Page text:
• Kralan (ក្រឡាន)- A cake made from steamed rice mixed with beans or peas, grated coconut and coconut milk.
  • Loc Lac (ឡុកឡាក់) - Stir fried cubed beef served with fresh red onions, served on a bed of lettuce, cucumbers, and tomatoes and dipped in a sauce consisting of lime juice[7] and/or black pepper.[8] It is the Cambodian version of the Vietnamese Bò lúc lắc.
  • Lou - Cambodian thick short noodles, with added eggs and chicken, eaten mainly with fish sauce.
  • Mee Katang (មីកាតាំង)- Wide rice noodles in an oyster sauce typically stir fried with eggs, baby corn, carrots, Chinese broccoli, mushrooms and a choice of meat, usually beef. This dish is similar to the Thai dish Rad Na.
  • Mee M'poang - crispy yellow noodles served under a gravy sauce of eggs, carrots, Chinese broccoli, bok choy and a meat.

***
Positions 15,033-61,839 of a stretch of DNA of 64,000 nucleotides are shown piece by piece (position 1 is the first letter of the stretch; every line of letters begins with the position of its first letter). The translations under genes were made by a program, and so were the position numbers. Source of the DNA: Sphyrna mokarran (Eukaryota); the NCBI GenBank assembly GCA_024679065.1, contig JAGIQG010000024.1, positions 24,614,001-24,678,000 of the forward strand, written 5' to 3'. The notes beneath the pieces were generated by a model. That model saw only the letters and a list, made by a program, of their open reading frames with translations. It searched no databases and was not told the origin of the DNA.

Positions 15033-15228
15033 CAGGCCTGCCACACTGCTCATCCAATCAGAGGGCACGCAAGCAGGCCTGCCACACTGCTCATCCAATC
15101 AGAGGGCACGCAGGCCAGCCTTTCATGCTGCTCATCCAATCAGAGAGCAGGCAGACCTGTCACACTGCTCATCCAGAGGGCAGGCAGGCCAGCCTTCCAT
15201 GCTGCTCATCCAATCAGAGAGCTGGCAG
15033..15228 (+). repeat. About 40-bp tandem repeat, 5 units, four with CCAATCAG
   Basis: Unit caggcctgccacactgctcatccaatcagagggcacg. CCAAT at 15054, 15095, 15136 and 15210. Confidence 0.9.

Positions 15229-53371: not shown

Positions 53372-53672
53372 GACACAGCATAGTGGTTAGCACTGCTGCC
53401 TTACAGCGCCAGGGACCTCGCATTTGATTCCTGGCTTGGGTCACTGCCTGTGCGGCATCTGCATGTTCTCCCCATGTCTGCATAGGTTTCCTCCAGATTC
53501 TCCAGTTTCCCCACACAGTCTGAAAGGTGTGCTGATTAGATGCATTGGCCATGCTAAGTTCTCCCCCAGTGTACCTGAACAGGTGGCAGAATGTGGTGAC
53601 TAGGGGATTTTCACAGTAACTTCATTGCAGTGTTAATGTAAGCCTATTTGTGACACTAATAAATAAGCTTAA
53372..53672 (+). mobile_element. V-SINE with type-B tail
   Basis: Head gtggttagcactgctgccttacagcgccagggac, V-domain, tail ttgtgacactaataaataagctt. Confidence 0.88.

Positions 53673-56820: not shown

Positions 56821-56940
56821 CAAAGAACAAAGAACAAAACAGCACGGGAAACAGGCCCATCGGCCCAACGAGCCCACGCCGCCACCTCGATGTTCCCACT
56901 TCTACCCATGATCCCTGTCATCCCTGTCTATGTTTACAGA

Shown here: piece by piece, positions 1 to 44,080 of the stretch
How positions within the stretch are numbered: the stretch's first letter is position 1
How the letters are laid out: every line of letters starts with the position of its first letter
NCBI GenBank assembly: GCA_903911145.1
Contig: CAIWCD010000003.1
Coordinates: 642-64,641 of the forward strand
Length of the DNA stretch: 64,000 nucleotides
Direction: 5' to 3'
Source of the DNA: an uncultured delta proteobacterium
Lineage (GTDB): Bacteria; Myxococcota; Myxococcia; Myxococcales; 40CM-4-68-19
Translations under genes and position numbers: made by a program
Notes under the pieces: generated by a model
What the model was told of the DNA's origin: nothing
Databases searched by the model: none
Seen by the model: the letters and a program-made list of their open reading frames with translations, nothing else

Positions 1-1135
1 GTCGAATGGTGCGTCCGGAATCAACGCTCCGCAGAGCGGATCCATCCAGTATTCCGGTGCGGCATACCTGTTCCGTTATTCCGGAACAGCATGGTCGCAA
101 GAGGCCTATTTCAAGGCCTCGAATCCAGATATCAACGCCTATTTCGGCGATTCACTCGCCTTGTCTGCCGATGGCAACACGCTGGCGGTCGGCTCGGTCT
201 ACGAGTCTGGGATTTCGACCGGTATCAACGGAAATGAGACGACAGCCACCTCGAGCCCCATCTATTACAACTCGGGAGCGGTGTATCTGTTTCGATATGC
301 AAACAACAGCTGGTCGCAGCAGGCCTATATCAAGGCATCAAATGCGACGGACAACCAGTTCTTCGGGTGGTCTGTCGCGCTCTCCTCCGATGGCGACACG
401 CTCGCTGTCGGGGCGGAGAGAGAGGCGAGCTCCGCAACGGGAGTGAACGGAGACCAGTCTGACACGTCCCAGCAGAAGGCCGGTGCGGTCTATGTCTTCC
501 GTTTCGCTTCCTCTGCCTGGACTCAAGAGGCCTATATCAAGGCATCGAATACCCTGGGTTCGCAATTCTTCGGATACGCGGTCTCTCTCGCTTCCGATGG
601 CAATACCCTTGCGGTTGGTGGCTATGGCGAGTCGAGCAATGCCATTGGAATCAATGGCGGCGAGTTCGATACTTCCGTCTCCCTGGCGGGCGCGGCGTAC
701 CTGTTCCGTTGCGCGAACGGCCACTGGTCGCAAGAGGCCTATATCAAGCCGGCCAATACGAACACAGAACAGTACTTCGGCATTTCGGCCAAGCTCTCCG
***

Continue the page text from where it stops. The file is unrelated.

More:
• Ngam nguv (ឡុកឡាក់)- A chicken soup flavored with whole preserved lemons.
  • Num Yip- yellow star like dessert made of egg yolk, flour, and sugar.
  • Pleah (ភ្លា) - Partially cooked beef salad with beef tripe, flavored with prahok and tossed with onions and fresh herbs.
  • Samlor kari (សម្លការី) - A traditional spicy coconut chicken curry with a soupy consistency, often cooked with sweet potatoes, julienned onion, and bamboo shoot. The soup is also used as a dipping sauce for fresh baguettes.[9]
  • Samlor machu (សម្លម្ជូរយួន) - A popular sour soup with a tamarind base. Includes meat such as chicken or fish, tomatoes, lotus roots, water greens, herbs and may be flavored with prahok.[10][11] It is derived from the Vietnamese sour soup canh chua.